Led by a 7.9 per cent decline in the average price and a one per cent decline in the volume of import of crude oils, the value of Japan’s trade with the UAE dropped by 8.8 per cent to $24.8 billion (Dh91 billion) during the first six months of 2013 compared to $27.2 billion during the same period in 2012.
The average price of crude oils that Japan imported from the UAE eased to $110.2 per barrel during the first half of 2013, from $119.4 during the same period in 2012.
Similarly, Japan’s crude oil imports also dropped to 144.5 million barrels from nearly 146 million barrels during this period. Another factor that contributed to the slide in the trade value was considered to be the ebb tide in Japan’s exports to the UAE during the period under review, following the surge in exports during the previous year after the resumption of production and exports from the tsunami affected areas of North Japan.
The pattern of Japan’s world trade during the first half of 2013 was no different from that of the trade with the UAE. A 10.77 per cent contraction in Japan’s world trade was recorded during the first six months of 2013, which is mainly attributed to the slide in the price and volume of crude oils that Japan imported during this period, and a general decline in her exports of machinery and equipment, especially of passenger motor cars. Japan’s world trade stood at $762.3 billion during the January – June period of 2013, compared to $854.3 billion during the same period in 2012.
UAE was Japan’s 8th largest trading partner during the first half of 2013, with Saudi Arabia from the GCC block one point ahead of UAE at the 7th position. China was Japan’s largest trading partner with a trade value of $146 billion, followed by the United States of America with a $99.4 billion.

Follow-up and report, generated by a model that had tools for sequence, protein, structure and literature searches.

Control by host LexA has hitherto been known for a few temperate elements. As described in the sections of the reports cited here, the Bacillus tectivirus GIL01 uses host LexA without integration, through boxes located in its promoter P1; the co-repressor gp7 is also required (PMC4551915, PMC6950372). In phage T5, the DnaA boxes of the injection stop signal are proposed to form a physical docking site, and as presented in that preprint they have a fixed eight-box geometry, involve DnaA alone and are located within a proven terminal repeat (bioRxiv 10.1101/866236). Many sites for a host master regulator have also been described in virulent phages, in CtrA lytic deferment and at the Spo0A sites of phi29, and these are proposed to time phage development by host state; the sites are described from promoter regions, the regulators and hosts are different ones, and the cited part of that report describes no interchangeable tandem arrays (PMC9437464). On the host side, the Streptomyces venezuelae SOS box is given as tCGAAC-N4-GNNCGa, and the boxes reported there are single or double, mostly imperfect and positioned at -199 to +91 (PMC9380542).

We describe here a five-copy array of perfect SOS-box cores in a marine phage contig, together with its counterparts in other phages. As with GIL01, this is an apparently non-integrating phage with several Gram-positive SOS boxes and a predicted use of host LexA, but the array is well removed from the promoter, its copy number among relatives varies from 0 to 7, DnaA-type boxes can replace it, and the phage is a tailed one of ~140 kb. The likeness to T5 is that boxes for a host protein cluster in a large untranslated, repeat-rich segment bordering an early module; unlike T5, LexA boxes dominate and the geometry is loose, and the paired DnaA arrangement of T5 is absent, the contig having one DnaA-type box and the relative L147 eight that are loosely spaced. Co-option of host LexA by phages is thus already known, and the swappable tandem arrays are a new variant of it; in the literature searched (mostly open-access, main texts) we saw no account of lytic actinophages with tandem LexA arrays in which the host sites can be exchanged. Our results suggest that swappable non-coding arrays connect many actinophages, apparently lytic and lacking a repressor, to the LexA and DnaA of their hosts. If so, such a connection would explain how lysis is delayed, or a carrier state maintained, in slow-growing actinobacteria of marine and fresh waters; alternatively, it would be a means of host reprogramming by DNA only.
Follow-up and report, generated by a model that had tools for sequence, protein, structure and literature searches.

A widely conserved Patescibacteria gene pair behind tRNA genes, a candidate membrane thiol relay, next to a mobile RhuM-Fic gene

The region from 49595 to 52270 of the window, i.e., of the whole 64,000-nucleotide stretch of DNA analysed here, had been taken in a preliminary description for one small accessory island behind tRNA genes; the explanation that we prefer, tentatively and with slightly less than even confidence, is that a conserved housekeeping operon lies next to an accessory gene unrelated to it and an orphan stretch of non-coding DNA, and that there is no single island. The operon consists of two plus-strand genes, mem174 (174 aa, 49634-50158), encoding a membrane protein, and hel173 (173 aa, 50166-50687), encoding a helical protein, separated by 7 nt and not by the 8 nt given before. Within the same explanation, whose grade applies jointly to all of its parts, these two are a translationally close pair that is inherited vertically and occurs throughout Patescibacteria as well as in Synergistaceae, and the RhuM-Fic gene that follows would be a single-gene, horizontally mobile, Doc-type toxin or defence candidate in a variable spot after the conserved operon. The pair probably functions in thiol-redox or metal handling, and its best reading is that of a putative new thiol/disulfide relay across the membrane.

Japan’s exports to the UAE
Japan’s exports to the UAE stood at $4.06 billion during January-June period of 2013, compared to $4.62 billion during the same period in the previous year, a 12 per cent decline.
The drop in the value of exports was mainly attributed to the weakened demand in the UAE for general machinery, electrical machinery and iron & steel products, and to a lesser extent, passenger motor cars.
However, contrary to the general trend, major increases in exports were registered for printing machinery including inkjet printers, air-conditioning equipment, compressors, computers and their components.
The fall in demand for machinery and equipment was considered to be a global phenomenon during the first half of 2013, as it was found that Japan’s exports of machinery and equipment to most of her export markets such as China, the United States of America and most of the countries in Europe and Asia have declined.
As a whole, Japan’s exports to the world slipped 13 per cent during the first half of 2013 to $355.4 billion, compared to a record $408.6 billion in the previous first half.
Motor Vehicle exports that covered 52.6 per cent of the total exports to the UAE slipped by 4.2 per cent to $2,134.5 million during the first half of 2013 from $2,228 million during the same period in the previous year.
While export of passenger motor cars, which is the dominant category among the motor vehicles, dropped by 8.6 per cent to $1,359 million from $1,486 million, export of public transport busses increased by 17.7 per cent to $148 million from $126 million. Similarly, export of motor trucks also rose by 8.7 per cent to $404.4 million from $372 million.
UAE was Japan’s 6th largest market for passenger motor cars, behind USA, Russia, Australia, China and Canada. It is also worth noting here that many of the popular brands of Japanese passenger cars sold in the UAE are imported from other countries like the USA, Australia and others, where Japanese motor vehicle manufacturers have production units. Imports of cars from such non-Japanese production bases are not accounted in this statistics.
Among general machinery, while export of self-propelled dozers, ship’s derricks, cranes, truck with lifts, air and liquid pumps, pipe taps, valves etc. have dropped, products like printing machinery, air-conditioners, computers and their components, compressors and other engines and motors have shown considerable increases. Export of printing machinery, including inkjet printing machinery, posted a major growth of 120 per cent to $59.7 million from $27.1 million.